Online barriers can translate into higher prices if the lowest price is available on an inaccessible website. People with disabilities can’t apply for jobs if the application is only available on a website that isn’t accessible.
“If you can’t get equal access, it will negatively impact your economic status, your privacy, your social life, your independence, even your safety,” said Jonathan Lazar, a computer science professor at Towson University in Maryland.
INTERNET BRINGS ADVANCES, OBSTACLES
DeAnn Elliott, a Boston disability advocate, was diagnosed at 28 with retinitis pigmentosa, a genetic disorder that causes gradual retinal degeneration, and declared legally blind at 41.
The Web has opened up many opportunities for people with vision loss, she says. Recent technological advances, such as Apple’s VoiceOver, a gesture-based screen reader that reads a description of everything happening on an iOS device, have turned smartphones into indispensable aids.
Yet too much of the Internet remains tantalizingly beyond her reach. Among the most common obstacles: “captchas,” a security feature that requires users to retype numbers or letters. Audio captchas are often unintelligible, Elliott says.
“It’s terribly frustrating,” Elliott said. “We pay for the same service from our Internet providers as our neighbors but for a fraction of the functionality.”
That lack of functionality is an unnecessary barrier to online access, advocates say. Many websites, such as those run by government, libraries and museums, are required to be accessible.
Making technology accessible benefits everyone, says Daniel Goldstein, counsel for the National Federation of the Blind. Think curb cuts and wheelchair ramps for strollers, captions for television broadcasts in noisy bars or the software used to create e-books.
“What’s needed are things like: ‘It is the policy of our company to build accessibility in from the beginning of the design process,’ ” Goldstein said.
Facebook is seeking to embed that kind of awareness in its corporate culture.
FACEBOOK ‘EMPATHY LAB’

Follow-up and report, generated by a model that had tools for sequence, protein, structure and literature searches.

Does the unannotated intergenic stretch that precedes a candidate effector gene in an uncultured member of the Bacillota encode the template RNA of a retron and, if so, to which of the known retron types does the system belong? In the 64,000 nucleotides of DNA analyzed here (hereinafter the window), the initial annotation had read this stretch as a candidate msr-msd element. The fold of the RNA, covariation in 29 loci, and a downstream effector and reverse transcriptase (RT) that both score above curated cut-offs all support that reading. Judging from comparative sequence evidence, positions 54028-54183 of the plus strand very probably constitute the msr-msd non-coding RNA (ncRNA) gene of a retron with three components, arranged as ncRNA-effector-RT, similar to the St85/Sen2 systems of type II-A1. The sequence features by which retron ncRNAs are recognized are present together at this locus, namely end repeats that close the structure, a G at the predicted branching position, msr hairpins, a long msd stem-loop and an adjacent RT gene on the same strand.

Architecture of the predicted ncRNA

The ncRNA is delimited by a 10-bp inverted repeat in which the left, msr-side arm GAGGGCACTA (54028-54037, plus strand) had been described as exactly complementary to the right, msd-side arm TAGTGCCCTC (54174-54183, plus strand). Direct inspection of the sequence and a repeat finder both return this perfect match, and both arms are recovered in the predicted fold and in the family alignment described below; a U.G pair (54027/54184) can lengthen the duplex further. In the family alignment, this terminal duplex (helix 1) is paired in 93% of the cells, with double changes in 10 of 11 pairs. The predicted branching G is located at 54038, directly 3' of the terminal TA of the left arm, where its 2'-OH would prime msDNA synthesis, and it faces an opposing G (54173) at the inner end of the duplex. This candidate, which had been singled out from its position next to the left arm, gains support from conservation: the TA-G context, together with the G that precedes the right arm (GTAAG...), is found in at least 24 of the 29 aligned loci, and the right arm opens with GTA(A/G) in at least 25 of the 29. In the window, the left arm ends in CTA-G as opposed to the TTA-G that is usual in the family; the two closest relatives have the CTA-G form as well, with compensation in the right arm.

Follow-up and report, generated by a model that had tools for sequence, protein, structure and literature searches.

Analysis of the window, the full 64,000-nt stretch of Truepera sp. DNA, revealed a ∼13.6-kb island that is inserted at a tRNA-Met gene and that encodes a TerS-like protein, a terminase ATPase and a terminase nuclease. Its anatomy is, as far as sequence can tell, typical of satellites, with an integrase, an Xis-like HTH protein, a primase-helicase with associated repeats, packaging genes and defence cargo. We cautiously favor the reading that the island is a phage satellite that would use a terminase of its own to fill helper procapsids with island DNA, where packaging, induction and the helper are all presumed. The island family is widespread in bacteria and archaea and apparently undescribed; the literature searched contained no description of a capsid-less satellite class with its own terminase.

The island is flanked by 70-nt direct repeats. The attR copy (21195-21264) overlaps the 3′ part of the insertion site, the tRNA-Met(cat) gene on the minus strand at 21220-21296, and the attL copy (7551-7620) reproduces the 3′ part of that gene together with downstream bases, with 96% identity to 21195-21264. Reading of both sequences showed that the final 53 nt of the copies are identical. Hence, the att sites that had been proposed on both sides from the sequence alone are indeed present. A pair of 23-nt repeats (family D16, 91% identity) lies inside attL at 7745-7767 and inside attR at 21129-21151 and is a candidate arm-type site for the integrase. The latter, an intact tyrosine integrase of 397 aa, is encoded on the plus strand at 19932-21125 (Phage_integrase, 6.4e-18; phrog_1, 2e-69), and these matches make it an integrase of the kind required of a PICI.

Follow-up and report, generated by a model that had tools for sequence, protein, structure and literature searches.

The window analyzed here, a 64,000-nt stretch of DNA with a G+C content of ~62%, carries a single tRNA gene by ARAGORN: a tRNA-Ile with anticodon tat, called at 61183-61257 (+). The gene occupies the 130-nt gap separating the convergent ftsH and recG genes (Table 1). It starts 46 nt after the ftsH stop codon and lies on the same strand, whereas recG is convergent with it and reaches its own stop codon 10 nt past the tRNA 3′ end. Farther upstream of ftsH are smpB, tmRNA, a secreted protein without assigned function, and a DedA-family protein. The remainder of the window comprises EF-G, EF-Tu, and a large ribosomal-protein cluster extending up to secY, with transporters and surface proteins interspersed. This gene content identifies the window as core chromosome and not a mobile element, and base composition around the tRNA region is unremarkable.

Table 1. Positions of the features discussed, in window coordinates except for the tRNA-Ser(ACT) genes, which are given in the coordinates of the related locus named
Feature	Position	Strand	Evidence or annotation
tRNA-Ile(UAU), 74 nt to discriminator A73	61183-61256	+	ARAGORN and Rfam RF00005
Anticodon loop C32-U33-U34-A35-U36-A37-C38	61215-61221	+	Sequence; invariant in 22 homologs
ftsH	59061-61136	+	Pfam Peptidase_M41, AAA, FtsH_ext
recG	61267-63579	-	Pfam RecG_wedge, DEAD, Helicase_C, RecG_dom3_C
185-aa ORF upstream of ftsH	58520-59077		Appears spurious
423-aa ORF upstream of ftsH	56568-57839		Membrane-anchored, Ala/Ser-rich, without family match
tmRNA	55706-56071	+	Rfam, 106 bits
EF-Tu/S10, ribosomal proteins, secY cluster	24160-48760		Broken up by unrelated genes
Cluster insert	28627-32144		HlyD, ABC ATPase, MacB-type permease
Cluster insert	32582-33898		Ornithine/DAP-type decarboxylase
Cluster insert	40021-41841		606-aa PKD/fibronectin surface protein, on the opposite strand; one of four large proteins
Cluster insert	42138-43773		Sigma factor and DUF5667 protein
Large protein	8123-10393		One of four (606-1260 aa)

Steps from his desk in Facebook’s Menlo Park, Calif., headquarters is an “empathy lab,” a row of devices that browse the social network using keyboard shortcuts, braille or the sound of a human voice. The devices are strategically placed along a busy walkway to remind engineers to build – or, in Facebook speak, hack – accessibility into all products.
That is King’s life work. He was born with retinitis pigmentosa and considered legally blind, though as a child he was able to ride a bike and hold down a route delivering newspapers. While studying electrical engineering and music at the University of Notre Dame, King lost his sight completely, but never his drive. He began tinkering with screen readers to improve the technology. At IBM, he championed equal access for people with disabilities. He’s also a three-time Paralympian, one of the world’s top tandem cyclists and a classical pipe organist.
King makes good use of assistive technology. While most software engineers have large monitors on their desks, King has a sound mixing board like those used by a recording engineer or a professional DJ. The mixer lets him control the volume of the screen reader and other audio coming from three laptops – two PCs and a MacBook – and two phones – one iPhone, one Android – using the mic on his stereo headset so he can listen to a phone call in one ear and the screen reader in the other.
King was recruited from IBM by Jeff Wieland, who started Facebook’s accessibility team five years ago. King, who navigates the sprawling campus with a white cane, says he was taken with Facebook’s mission to connect every person on the planet.
“I don’t think there is any other company in the world where accessibility is that core to the mission, where it’s impossible to accomplish the mission without making accessibility great,” he says.
Using Facebook was a frustrating experience for people with vision loss when King signed up for it in 2009. The social network was riddled with buttons and graphics that were not labeled so he had no idea what they were for. “It took me several hours to do what would have taken someone else 15 or 20 minutes,” he recalls.
Today, King can skim his news feed as quickly as a sighted person. King predicts artificial intelligence will power even greater advances for people with disabilities.
“This is a problem,” he says, “that as machines get smarter, that machines can solve.”